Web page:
2. This election cycle has that same sense of eerie unreality that you feel as you watch an auto accident take place in front of you. Everything slows down, you scream “NO NO NO” in your head, and you’re frozen in place.

    I personally just can’t believe that each and every person participating seems to have descended into abject moronic stupidity (or is that cupidity) at the same time. Nobody is listening, except to get ammunition for the next blast. NOBODY is telling the truth, and it has become nearly impossible to determine what the objective truth is of any statement.

    Is this a budget cut? A tax cut? Neither? Both? Is it actually a tax INCREASE? and what did X, Y or Z say about this very same thing six months ago? Who can keep track. It seems certain nobody wants an informed electorate. What they want seems to be confused voters, and boy are they getting them.

    In the meantime, my dad and his wife who live in Florida seem to think Romney/Ryan are the greatest thing since sliced toast and I just cringe every time I see a post from them. Gah. People wonder how women can vote for the Misogynist Party, well, there ya go. In my own family. I’m so ashamed.

    Lymaree

    23 Aug 12 at 4:13 pm

  3. I’d have said “perfunctory” but I’d have meant about the same thing. It feels as though everyone’s going through the motions. And I have a terrible feeling the one who loses in November–very probably Romney–is going to be the lucky one.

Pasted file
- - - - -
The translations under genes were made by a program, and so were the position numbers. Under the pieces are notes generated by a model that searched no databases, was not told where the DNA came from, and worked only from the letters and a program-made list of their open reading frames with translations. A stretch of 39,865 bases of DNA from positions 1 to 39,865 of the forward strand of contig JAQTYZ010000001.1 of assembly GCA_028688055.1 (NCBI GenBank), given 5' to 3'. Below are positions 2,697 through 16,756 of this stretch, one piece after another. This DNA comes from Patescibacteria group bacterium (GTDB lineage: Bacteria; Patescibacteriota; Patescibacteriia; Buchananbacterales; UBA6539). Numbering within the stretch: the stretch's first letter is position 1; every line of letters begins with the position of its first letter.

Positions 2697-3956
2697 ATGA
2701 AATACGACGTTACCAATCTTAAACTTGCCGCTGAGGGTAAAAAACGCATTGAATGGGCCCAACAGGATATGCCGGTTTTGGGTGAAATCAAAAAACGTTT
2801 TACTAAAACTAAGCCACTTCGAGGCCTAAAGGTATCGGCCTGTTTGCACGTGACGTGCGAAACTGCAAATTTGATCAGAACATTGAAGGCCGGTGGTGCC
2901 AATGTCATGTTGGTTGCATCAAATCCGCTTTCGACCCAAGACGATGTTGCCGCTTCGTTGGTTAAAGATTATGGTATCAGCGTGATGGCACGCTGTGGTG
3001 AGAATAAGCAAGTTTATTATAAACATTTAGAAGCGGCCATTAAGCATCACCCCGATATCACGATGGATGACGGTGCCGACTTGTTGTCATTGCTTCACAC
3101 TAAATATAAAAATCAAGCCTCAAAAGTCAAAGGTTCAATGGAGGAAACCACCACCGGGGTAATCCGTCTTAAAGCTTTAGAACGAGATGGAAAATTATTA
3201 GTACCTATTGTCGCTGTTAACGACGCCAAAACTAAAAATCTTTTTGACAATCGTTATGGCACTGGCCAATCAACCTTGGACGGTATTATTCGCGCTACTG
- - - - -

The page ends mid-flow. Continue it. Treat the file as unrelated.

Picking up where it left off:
Romney. I backed everyone else until there was no one left but Obama. That far I won’t go again. I agree, if Romney has a political belief, I don’t know what it is. But I’m pretty sure Obama is a believer, and his beliefs scare me sily. Romney and Ryan, as a Mormon and a Catholic, always knew their professors had gotten at least one important thing wrong. I listen to Obama, and if anyone ever drank the academic left’s Kool-aid, he’s the one.

    Speaking of which: while you’re right in general about fake outrage, I’ve read Obama’s “you didn’t build that” speech. I agree he probably MEANT something other than the businesses themselves–He seems to have been trying to rip off the Elizabeth Warren speech–but it’s most certainly what he SAID. The speech as given would have gotten the man tossed from a high school debate team. Well, I don’t vote for a presidential candidate because I’m looking forward to great speeches. But could we at least put a lid on all this talk of Obama the silver-tongued orator after that one?

    No more politics for a while, please: I find it a deeply depressing topic.

    robert_piepenbrink

    23 Aug 12 at 7:15 pm

  4. I don’t live in the US, don’t pay taxes in the US, and don’t vote in the US. I have taken a solemn vow to ignore the whole election. I just glance at headlines.

    But I agree with Robert, the loser will be the lucky one.

    Robert, I remember a science fiction short story with the premise that psychological testing had reached the point of being reliable. All candidates for president had to be tested and anyone who REALLY wanted the job was automatically disqualified.

    jd

    23 Aug 12 at 7:49 pm

Leave a Reply

You must be logged in to post a comment.

Bad Behavior has blocked 497 access attempts in the last 7 days.